Arts & Technology: Digital Business Models in Performing Arts – Part 2: The Potential and Pitfalls of Non-Fungible Tokens

Circus News

Digital Business Models in Performing Arts – Part 2: The Potential and Pitfalls of Non-Fungible Tokens

The second episode of our “Digital Business Models in the Performing Arts” series covers the complex topic of navigating the digital frontier and highlights the potential and pitfalls of non-fungible tokens for performing arts practitioners.
Selling intangible, digital products to generate income is far from being a novel business model. The global digitalization of business models has reached a level where even the older consumer generations now embrace the concept of purchasing, for example, digital photographs, books, or tickets, making the ownership of digital assets a mainstream practice. In particular, among Generation Z, purchasing, selling, and trading virtual items is really as ordinary as buying a pair of trainers. These digital natives spend a substantial part of their social time immersed in metaverse gaming platforms like Fortnite and Roblox, exploring vast virtual worlds with their avatars and engaging in financial interactions with digital goods.  The potential of these virtual ecosystems and the consumer communities that reside in them has not gone unnoticed by commercial brands, who have begun to recognize the lucrative oppo...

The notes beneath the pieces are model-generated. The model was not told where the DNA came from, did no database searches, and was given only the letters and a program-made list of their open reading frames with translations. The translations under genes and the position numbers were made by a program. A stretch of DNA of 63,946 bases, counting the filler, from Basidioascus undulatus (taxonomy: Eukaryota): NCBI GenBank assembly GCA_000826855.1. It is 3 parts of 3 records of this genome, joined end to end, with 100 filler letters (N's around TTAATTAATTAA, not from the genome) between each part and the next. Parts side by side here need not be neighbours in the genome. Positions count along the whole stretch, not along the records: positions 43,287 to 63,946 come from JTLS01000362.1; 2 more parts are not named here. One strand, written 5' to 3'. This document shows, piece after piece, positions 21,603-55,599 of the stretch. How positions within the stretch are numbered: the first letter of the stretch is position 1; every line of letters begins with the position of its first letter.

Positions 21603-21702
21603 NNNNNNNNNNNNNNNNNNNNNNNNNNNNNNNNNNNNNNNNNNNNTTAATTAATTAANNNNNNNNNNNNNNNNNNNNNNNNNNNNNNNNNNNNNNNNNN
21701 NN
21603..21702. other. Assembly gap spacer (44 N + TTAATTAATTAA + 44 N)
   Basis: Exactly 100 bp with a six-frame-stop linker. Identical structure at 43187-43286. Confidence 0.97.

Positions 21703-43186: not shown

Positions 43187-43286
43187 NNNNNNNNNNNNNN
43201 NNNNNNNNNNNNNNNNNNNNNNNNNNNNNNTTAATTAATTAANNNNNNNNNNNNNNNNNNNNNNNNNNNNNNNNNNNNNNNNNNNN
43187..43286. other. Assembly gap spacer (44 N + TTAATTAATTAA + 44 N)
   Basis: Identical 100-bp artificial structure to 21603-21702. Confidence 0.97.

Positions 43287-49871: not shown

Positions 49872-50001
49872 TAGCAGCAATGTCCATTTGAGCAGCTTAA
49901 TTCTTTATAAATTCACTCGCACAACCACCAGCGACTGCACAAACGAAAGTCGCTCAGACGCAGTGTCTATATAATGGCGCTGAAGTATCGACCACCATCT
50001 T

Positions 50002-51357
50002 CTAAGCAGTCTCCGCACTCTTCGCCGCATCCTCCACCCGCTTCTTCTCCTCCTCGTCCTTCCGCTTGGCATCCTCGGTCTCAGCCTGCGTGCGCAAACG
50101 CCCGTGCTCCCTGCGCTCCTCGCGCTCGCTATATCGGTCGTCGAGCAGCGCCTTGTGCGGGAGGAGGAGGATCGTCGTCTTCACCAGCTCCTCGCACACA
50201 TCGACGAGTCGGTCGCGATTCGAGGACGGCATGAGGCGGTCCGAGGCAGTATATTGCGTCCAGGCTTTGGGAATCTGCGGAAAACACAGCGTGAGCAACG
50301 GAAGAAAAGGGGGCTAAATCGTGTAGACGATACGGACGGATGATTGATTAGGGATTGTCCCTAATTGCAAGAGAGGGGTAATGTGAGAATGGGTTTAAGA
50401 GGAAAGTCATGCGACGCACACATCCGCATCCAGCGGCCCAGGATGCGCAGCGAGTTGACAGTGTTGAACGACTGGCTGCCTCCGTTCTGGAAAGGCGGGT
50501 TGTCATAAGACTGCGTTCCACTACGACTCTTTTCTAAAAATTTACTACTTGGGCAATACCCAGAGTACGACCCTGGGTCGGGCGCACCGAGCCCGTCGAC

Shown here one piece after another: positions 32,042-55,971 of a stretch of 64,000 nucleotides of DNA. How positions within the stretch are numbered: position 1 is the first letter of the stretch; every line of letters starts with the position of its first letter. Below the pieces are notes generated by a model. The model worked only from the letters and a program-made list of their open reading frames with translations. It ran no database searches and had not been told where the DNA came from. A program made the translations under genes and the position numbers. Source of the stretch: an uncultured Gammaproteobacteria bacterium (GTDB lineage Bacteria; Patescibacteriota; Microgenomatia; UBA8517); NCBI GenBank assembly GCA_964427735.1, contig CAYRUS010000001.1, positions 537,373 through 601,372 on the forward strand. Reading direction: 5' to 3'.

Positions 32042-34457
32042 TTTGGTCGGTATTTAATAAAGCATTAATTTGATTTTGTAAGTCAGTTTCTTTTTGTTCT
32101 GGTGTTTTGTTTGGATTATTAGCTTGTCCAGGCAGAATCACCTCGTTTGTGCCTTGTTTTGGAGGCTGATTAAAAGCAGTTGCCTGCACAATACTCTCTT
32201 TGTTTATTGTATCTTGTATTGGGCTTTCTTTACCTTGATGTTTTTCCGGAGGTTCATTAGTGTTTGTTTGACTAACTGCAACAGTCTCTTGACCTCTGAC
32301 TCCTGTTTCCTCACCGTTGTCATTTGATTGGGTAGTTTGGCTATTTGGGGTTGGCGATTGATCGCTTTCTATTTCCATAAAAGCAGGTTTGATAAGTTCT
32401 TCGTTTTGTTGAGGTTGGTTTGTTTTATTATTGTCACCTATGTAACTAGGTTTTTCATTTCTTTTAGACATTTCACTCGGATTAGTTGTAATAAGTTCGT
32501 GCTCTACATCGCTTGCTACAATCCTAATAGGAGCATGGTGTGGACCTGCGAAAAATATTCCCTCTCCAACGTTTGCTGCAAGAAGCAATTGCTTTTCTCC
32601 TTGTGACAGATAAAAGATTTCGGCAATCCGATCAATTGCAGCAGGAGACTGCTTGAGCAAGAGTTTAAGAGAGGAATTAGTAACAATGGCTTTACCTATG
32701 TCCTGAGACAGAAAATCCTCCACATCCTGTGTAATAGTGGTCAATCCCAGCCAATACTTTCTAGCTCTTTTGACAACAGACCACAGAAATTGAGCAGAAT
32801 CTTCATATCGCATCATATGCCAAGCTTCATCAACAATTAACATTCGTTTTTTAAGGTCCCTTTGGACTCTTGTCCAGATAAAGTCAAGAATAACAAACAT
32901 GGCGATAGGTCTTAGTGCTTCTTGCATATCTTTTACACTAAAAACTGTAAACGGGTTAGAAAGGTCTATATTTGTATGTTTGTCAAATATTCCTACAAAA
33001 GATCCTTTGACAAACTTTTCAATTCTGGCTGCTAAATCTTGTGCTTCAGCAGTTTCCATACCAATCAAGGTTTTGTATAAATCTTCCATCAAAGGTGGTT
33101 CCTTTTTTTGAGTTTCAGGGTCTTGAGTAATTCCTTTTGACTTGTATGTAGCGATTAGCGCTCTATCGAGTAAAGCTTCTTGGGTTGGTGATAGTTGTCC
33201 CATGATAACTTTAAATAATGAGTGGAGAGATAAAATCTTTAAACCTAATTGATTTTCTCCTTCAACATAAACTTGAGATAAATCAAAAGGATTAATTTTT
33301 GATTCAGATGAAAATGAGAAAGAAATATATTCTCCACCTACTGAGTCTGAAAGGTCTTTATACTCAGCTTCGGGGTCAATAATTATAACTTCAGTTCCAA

Thanks for reading CircusTalk.News.
Support us by registering or subscribing!
To continue reading this article you must be logged in.
Register or login to unlock 2 free articles per month.
Or, EVEN BETTER!
FOR UNLIMITED ACCESS TO ALL NEWS CONTENT + JOB LISTING.

Do you have a story to share? Submit your news story, article or press release.

Kadja Manninen

Kadja Manninen is a researcher, arts manager and lecturer specialised in performing arts and digital entrepreneurship. Kadja has a background as a contemporary circus artist, and prior professional experience of working in diverse managerial and specialist roles in the creative industries. She holds an MA in Culture, Policy and Management from City, University of London, and is currently finalising her PhD in Digital Economy Research at University of Nottingham.